U researchers get grant to track carp

A team of researchers received $2.2 million to build robotic boats.

Yasin Mohamud

A $2.2 million grant from the National Science Foundation has brought together two computer scientists and a fish biologist from the University of Minnesota to develop robotic boats that track the common carp.

The University, along with Johns Hopkins University and Ohio State University, will use the money to develop the technology to identify large groups of carp so they can be netted and removed easier.

The species is so invasive that some experts say people donâÄôt know what a healthy lake or river looks like anymore.

âÄúThe common carp is the biggest problem of invasive species we have,âÄù said Peter Sorensen, a fish biology professor from the College of Food, Agricultural and Natural Resource Sciences who has been studying the common carp for more than a decade.

The common carp, which have been around since the late 1800s in the U.S., is currently half to three-quarters of the biomass of Minnesota lakes and wetlands, Sorensen said.

The fish are a danger to lake and river health because they displace aquatic plants and damage water quality with their bottom-feeding.

âÄúThey tear up these lakes and most people around here donâÄôt even know what a good lake should look like because they grew up and their parents grew up with common carp in the lakes,âÄù he said.

Volkan Isler, a computer science and engineering associate professor in the College of Science and Engineering, leads the project with Sorensen and Stergios Roumeliotis, another CSE associate professor.

The project is an expansion of another one Isler and Sorensen began several years ago, in which they built and tested a prototype robotic boat.

âÄúThe primary project is to develop the robotics technology and then use it to track carp,âÄù Isler said.

He has been working on robotics for 10 years and he said heâÄôs excited about the project because it opens the door for many other scientific disciplines.

âÄúThe fish that we are tracking actually have radio ammeters imbedded in them which beep and the robots have a directional antenna that leads us to the fish,âÄù he said. âÄúThis kind of data collection can be used for many other areas of science.âÄù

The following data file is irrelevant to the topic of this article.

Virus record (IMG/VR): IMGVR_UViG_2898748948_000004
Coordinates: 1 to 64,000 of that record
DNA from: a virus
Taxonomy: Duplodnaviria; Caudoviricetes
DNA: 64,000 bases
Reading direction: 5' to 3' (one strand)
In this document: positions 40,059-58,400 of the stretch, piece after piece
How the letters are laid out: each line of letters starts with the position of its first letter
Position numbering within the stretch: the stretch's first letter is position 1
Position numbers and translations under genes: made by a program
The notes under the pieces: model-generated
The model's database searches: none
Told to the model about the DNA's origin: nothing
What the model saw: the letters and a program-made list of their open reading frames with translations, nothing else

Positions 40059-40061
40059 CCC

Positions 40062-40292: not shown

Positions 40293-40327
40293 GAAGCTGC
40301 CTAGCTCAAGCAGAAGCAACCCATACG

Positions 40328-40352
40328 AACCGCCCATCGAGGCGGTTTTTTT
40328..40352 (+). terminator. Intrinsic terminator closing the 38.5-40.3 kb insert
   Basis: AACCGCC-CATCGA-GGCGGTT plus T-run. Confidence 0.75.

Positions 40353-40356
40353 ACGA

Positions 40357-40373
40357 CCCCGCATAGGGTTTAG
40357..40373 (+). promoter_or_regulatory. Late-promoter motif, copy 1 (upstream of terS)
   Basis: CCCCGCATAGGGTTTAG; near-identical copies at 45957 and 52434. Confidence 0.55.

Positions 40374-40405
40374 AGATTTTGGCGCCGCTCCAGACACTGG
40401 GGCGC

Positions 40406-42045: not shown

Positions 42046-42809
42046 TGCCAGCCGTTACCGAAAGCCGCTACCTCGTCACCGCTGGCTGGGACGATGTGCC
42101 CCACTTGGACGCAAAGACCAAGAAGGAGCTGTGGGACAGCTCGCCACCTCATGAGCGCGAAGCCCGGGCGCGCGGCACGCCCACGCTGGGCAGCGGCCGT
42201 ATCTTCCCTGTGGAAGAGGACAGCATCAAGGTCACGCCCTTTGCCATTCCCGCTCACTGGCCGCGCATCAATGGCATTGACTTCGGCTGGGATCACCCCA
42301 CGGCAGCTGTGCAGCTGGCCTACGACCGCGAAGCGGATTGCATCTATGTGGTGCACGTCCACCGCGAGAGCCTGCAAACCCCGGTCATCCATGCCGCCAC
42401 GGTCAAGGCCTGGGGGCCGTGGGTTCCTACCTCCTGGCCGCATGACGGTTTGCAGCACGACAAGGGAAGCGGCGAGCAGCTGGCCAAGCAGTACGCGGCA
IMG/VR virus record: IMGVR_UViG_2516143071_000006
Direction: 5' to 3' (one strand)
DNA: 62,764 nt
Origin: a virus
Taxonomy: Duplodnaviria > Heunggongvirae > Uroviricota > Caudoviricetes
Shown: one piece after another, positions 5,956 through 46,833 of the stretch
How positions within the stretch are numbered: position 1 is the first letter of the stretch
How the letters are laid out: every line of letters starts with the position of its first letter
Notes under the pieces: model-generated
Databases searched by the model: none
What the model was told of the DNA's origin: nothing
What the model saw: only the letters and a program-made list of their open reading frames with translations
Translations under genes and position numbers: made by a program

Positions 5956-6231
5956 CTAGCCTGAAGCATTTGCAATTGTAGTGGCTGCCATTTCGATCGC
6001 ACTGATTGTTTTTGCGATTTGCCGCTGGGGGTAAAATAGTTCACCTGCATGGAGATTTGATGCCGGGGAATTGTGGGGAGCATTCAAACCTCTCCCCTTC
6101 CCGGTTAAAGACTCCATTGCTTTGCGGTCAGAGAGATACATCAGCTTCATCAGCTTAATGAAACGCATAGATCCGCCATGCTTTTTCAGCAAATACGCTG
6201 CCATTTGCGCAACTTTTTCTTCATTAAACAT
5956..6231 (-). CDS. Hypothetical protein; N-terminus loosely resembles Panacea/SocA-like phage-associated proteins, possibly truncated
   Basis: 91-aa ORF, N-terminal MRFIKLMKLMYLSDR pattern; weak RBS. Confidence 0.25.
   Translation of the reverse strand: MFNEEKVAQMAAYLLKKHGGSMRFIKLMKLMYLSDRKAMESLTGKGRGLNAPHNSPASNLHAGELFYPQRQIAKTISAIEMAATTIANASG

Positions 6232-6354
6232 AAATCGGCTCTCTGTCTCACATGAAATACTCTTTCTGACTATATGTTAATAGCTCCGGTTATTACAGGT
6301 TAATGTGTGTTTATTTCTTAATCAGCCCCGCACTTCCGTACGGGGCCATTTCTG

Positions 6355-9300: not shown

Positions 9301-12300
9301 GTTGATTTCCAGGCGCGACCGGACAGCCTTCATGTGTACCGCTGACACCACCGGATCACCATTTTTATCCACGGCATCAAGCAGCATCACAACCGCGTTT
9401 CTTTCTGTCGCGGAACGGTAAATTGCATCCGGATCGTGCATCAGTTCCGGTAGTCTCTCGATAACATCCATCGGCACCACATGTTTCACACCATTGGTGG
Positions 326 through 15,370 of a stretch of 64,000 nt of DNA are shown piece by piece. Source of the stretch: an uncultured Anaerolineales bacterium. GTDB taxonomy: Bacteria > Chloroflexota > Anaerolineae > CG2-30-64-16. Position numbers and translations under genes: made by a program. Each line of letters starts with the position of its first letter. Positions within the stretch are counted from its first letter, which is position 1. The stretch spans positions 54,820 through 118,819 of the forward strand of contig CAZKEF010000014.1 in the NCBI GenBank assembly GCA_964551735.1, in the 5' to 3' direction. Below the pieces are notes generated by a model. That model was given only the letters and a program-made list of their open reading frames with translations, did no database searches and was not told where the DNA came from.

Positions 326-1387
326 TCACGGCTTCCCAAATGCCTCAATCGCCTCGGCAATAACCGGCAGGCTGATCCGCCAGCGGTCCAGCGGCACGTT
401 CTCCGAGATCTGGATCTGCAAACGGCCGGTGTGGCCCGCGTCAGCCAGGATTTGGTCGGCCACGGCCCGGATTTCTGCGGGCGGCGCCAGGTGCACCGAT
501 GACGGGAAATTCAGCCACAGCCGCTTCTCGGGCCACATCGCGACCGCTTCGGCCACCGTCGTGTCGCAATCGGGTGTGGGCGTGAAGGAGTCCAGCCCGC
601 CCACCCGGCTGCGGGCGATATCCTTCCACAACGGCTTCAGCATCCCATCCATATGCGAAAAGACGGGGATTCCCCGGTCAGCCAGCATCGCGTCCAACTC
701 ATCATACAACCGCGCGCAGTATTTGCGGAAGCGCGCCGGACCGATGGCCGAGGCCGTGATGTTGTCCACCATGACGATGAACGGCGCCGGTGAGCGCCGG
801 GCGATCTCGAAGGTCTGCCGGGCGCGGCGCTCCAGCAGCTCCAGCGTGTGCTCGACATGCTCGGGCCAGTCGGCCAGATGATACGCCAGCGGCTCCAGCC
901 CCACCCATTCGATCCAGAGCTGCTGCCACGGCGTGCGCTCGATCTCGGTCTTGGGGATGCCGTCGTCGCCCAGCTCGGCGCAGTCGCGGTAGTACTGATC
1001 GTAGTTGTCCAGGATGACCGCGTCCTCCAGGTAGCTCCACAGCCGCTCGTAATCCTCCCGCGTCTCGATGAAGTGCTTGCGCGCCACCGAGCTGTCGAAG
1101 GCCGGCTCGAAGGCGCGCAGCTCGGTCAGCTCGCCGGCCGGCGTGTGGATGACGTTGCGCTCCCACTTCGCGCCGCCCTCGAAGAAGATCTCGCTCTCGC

The presence of the Asian carp, also known as the silver carp, could present a new challenge for Minnesota lakes and rivers, according to the Minnesota Department of Natural resources.

The DNR announced last week that water samples from the Mississippi River tested positive for Asian carp DNA. Through the testing, researchers found that there are some silver carp downstream from the Ford Dam in Minneapolis.

âÄúThereâÄôs a very high chance that in 10 to 20 years the silver carp situation will be like the common carp situation,âÄù Sorensen said.

The common carp are especially tricky to spot because they donâÄôt jump up, unlike the silver carp, and they are green so people assume they are regular fish, Sorensen said.

âÄúYou donâÄôt see them, and you canâÄôt catch them, but they are there in huge numbers,âÄù Sorensen said. âÄúHundreds of thousands of lakes are wrecked by them.âÄù

Isler said the main challenge for him and the team is that the hardware being used to develop the robots is âÄúoff the shelfâÄù so developing algorithms that make sure the robots work efficiently can be a long process.

Despite the progress itâÄôs made so far, Isler said he doesnâÄôt think the team is even close to solving the carp problem.

âÄúMy hope is that we can demonstrate that these robots can find the fish effectively, and we will build on that,âÄù he said.

Sorensen also thinks the carp problem will take many resources and years to combat, but is hopeful the technology will aid in controlling the carp.

âÄúWe can give people some optimism that we can do something about invasive fish in general, if weâÄôre imaginative and use some science.âÄù

 

-The Associated Press contributed to this report.